Clover Leaf Childcare Ltd - Little Miracles

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About Clover Leaf Childcare Ltd - Little Miracles

Name Clover Leaf Childcare Ltd - Little Miracles
Ofsted Inspections
Address Kay Brow, Ramsbottom, Bury, BL0 9AY
Phase Childcare on Non-Domestic Premises, Full day care
Gender Mixed
Local Authority Bury
Highlights from Latest Inspection

What is it like to attend this early years setting?

The provision is good

Children enjoy their time at this calm, inclusive nursery. They enter eagerly and quickly engage in activities.

Children who require reassurance have regular cuddles with the responsive staff. Children demonstrate a sense of belonging as they confidently talk to visitors about the things they enjoy at nursery.Children have formed strong, caring relationships.

They talk about the importance of being kind and complete acts of kindness while on outings in the community. Children tell their friends how excited they are to sit next to them at mealtimes. Older children are aware of the importance of other people's feelings.<>
They ask permission before they give their friends a hug and say 'we need to check they want a hug first'. Children learn about respect and feel consulted.Children are highly engaged and motivated to learn.

They benefit from a well-organised environment where they can explore a wide range of exciting resources linked to their interests. Younger children enjoy shaking and banging instruments along to songs. Older children enjoy using their hand muscles to make their own dough and to thread accurately with pipe cleaners.

All children, including those with special educational needs and/or disabilities, make good progress in their learning.

What does the early years setting do well and what does it need to do better?

Children are supported well as they start at the nursery. Staff gather a range of information from parents and use this to help children to settle quickly.

As children transfer to school, staff engage with teachers to ensure children's individual needs are known and met.Partnerships with parents are strong. Parents describe the nursery as 'fantastic'.

They value the communication they receive about their children's learning and care. Parents have seen particular progress with their children's social skills and confidence since they have started at nursery.Staff identify children's interests and assess their abilities.

They use this information to plan activities to support children's next steps in learning. For example, staff use children's love of animals to engage them in sensory experiences. When children require extra help with their learning, staff work closely with parents and outside agencies to ensure they are supported.

Children develop a love of stories. Staff ensure that children have access to a range of exciting stories and comfortable spaces to enjoy them. Younger children snuggle up with staff as they enjoy a book together.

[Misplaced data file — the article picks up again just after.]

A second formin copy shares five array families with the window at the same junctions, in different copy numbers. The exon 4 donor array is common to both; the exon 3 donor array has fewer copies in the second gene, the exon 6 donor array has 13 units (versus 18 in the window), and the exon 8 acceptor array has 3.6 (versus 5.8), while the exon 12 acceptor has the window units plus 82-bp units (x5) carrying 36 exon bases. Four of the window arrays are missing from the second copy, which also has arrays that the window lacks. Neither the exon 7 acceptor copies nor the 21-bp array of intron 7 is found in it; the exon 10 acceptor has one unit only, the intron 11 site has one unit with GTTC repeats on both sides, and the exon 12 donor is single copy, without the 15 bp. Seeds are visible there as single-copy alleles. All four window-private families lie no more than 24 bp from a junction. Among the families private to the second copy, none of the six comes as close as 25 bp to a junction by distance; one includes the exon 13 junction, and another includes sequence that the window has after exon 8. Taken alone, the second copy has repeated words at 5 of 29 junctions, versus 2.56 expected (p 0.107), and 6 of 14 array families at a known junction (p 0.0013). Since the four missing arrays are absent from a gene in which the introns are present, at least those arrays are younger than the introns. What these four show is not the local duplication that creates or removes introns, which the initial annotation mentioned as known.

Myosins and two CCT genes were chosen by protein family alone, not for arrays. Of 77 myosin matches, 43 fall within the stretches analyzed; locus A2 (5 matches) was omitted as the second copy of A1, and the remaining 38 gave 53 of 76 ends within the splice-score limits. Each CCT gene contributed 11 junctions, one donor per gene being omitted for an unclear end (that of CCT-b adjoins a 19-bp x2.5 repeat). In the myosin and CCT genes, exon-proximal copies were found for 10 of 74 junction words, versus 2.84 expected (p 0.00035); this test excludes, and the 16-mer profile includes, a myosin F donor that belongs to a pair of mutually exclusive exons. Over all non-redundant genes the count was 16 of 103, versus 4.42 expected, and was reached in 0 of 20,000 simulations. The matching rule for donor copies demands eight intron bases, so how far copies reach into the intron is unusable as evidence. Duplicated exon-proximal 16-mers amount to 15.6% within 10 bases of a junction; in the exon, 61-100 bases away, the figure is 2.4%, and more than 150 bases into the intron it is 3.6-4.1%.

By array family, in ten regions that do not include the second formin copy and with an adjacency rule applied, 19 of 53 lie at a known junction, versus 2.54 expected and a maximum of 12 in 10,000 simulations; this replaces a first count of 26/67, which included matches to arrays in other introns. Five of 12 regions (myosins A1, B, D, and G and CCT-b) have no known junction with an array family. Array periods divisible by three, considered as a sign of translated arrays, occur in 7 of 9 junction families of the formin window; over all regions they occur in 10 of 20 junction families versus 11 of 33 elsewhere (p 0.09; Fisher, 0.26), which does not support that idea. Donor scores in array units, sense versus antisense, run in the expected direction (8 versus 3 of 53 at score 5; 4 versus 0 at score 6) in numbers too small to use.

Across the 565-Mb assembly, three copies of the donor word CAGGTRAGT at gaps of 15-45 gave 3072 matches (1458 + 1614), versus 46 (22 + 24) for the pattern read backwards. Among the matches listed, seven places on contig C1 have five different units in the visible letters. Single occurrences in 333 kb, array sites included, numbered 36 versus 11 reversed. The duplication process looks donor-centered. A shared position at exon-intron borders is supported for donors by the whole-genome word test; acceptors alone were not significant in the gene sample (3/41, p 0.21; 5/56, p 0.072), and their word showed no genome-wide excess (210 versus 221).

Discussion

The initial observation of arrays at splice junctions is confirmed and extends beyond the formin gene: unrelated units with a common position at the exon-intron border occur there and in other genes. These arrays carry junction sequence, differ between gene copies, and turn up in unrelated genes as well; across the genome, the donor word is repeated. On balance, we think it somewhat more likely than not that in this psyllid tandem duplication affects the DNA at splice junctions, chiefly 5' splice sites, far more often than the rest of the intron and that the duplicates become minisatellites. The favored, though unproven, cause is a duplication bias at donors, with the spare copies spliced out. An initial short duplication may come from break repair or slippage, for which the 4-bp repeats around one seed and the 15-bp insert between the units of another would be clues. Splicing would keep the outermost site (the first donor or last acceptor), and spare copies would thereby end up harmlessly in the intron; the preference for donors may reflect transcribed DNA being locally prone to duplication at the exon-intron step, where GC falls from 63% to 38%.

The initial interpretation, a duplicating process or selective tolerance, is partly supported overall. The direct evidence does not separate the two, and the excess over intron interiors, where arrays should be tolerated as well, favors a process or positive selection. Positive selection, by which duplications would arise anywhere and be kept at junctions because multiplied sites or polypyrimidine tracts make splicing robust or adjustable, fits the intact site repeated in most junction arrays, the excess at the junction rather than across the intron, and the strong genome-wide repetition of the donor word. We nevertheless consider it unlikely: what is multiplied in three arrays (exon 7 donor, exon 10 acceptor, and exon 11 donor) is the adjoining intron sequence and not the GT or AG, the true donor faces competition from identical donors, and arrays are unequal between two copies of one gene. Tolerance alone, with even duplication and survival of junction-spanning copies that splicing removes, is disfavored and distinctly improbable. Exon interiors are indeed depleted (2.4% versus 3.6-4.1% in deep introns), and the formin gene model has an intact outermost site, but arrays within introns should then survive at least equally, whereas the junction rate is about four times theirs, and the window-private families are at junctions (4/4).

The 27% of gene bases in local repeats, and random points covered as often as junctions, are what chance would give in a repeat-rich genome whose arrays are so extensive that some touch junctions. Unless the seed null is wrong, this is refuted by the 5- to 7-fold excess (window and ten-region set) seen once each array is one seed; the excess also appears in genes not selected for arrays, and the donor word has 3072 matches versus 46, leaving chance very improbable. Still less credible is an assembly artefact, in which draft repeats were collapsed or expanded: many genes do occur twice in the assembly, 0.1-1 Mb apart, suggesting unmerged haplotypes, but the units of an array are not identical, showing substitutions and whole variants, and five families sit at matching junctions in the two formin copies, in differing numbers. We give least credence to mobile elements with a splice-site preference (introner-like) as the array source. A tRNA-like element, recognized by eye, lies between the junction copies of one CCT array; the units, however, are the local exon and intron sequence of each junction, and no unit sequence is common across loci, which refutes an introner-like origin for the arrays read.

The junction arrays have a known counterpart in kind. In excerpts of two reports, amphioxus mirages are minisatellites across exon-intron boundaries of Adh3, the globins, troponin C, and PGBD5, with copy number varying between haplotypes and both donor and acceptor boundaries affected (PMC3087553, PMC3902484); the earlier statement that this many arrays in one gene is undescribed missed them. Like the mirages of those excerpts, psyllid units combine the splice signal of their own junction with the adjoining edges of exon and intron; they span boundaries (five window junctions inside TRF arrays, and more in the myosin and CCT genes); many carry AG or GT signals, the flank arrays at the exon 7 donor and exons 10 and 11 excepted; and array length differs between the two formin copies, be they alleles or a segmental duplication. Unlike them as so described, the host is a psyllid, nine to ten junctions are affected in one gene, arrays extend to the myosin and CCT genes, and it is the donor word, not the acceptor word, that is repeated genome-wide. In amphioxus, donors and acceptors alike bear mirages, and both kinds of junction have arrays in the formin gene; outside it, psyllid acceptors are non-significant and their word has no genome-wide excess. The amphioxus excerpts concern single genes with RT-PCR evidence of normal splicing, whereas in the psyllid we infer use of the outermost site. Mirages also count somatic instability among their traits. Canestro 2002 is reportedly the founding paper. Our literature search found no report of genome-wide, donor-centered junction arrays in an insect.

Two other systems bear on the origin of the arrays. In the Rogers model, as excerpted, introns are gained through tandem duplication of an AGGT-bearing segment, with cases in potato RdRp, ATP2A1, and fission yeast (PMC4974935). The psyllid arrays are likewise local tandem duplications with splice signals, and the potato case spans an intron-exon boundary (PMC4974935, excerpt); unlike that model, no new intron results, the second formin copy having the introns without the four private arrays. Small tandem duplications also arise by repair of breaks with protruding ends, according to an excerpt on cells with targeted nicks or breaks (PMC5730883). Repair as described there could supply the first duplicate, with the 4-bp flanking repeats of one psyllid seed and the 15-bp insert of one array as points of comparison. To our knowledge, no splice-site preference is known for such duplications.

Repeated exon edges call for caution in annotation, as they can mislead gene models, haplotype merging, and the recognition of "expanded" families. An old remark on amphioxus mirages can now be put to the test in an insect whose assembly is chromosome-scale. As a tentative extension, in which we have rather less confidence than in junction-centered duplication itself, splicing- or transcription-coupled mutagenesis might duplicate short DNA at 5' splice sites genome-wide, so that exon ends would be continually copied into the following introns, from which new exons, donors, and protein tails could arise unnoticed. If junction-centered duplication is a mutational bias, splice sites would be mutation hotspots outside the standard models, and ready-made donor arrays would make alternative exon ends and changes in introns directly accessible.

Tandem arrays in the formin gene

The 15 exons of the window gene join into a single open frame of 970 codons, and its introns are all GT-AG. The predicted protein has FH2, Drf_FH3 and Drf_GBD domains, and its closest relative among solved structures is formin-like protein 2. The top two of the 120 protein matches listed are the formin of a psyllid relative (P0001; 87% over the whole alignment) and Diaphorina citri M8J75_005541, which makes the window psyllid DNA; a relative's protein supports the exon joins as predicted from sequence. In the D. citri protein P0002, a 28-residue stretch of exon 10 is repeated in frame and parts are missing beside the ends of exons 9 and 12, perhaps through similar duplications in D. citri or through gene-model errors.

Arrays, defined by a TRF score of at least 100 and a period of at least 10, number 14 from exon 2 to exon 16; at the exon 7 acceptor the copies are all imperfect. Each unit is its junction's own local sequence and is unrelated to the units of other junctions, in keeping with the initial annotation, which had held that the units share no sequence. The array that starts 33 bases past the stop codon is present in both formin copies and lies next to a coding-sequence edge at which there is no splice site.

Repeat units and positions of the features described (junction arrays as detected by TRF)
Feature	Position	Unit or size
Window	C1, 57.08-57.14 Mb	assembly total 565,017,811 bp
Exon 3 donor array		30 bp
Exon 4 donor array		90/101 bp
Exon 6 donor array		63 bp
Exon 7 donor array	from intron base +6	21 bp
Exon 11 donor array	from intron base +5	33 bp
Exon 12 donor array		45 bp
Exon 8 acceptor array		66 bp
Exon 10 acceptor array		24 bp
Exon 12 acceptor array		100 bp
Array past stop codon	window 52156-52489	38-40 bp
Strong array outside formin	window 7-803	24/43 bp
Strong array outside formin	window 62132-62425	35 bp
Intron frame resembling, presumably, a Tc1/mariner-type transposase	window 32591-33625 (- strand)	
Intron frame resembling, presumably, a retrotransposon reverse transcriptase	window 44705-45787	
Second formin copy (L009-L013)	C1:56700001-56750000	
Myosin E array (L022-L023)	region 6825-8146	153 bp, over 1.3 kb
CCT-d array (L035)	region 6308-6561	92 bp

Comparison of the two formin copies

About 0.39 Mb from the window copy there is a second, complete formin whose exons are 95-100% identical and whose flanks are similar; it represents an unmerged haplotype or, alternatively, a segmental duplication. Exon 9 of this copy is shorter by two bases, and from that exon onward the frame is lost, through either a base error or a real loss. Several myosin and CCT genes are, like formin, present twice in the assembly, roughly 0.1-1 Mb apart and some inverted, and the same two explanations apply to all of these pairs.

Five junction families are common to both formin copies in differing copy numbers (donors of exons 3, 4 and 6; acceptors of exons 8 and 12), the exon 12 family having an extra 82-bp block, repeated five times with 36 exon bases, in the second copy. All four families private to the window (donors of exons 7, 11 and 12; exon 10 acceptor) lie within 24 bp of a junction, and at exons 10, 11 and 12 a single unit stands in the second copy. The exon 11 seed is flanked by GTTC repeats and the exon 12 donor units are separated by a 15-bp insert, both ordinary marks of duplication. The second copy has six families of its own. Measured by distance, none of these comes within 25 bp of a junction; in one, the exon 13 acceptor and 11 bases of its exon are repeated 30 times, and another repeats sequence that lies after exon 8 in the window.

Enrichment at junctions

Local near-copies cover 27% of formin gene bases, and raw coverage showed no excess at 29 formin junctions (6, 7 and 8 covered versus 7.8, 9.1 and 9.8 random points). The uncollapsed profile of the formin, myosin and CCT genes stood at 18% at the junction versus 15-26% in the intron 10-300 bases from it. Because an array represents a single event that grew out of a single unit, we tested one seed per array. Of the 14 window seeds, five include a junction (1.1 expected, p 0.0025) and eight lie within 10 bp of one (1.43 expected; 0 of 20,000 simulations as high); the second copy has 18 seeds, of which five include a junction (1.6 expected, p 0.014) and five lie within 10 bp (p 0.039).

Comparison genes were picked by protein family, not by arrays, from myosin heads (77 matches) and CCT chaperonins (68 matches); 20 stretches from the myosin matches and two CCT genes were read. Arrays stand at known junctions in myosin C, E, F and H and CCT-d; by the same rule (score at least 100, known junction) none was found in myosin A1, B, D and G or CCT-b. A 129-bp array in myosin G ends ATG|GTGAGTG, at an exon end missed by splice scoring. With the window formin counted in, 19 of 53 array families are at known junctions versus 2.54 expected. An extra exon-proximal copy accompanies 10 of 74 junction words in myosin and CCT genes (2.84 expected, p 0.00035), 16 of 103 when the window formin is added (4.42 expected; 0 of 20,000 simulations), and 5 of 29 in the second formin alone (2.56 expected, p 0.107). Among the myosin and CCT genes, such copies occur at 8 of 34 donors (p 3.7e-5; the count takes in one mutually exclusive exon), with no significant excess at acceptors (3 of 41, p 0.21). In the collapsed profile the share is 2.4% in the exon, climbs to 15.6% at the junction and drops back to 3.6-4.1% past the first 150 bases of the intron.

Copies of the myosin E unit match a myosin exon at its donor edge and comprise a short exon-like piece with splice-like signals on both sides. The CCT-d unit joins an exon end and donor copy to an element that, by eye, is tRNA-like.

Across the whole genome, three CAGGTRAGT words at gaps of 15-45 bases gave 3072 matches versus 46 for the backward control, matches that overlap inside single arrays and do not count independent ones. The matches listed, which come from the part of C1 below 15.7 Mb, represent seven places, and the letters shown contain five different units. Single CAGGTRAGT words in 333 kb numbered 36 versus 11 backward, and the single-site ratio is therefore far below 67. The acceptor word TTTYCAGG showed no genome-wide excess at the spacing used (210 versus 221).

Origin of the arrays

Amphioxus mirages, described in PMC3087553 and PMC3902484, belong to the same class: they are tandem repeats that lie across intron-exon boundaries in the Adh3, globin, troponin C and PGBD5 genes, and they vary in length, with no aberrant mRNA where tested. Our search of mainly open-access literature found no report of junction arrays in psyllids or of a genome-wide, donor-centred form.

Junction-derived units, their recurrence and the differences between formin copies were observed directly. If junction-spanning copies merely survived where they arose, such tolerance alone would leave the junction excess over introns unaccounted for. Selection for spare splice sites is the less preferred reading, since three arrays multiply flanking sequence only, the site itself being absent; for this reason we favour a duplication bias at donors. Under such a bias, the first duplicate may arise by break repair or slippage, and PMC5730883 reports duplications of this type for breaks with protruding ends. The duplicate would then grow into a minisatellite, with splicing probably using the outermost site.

Older children recall 'The Hungry Caterpillar' story as they taste some of the fruits from the book. Children take books home to enjoy with their families. This extends learning opportunities for children.

Staff frequently introduce mathematical concepts to children. They model counting as children build towers with blocks. Children use their knowledge of shapes to enhance their play.

They know that the football cones are the same shape as ice-cream cones. They use them imaginatively to make 'ice cream' for their friends.Overall, staff support children's physical well-being well.

Children benefit from healthy meals throughout the day. Older children learn about the importance of good oral health as they use their toothbrushes and show off their 'gleaming teeth'. Children are encouraged to wash their hands before mealtimes.

However, when children wipe their noses, they are not reminded to wash their hands to further develop their understanding of good cleanliness.Leaders use a range of methods to support staff's well-being. Staff benefit from robust inductions and ongoing supervisions with the manager.

However, coaching and mentoring are not yet targeted enough to raise the quality of teaching at all times of the day, particularly for less-experienced practitioners. Not all staff are confident to enhance learning experiences throughout routine tasks, such as lunchtime.Children are confident to speak during large-group activities, as well as enjoying quiet time talking to their friends on the bench outside.

Staff build on children's love of singing and pause as children fill in the words. Staff model language correctly in their interactions with children. They introduce new words, such as 'scrunch', as children take part in creative activities.

Children's communication skills are well supported.


The arrangements for safeguarding are effective.All staff understand the steps to take should they have a concern about a child's welfare or the conduct of a colleague.

Leaders regularly update the safeguarding policies to ensure they continue to be robust. For example, they have recently updated their mobile phone policy to include information about wearable technology. Staff demonstrate that they are confident to deal with accidents or medical emergencies.

Children learn how to keep themselves safe. They help to risk assess the outdoor space each day and use their clipboards to note any risks.

What does the setting need to do to improve?

To further improve the quality of the early years provision, the provider should: support staff to understand the importance of consistently implementing the nursery's hygiene procedures nenhance the use of professional development to focus more precisely on building staff's knowledge of how to provide higher levels of teaching and interactions during routine activities, such as mealtimes.

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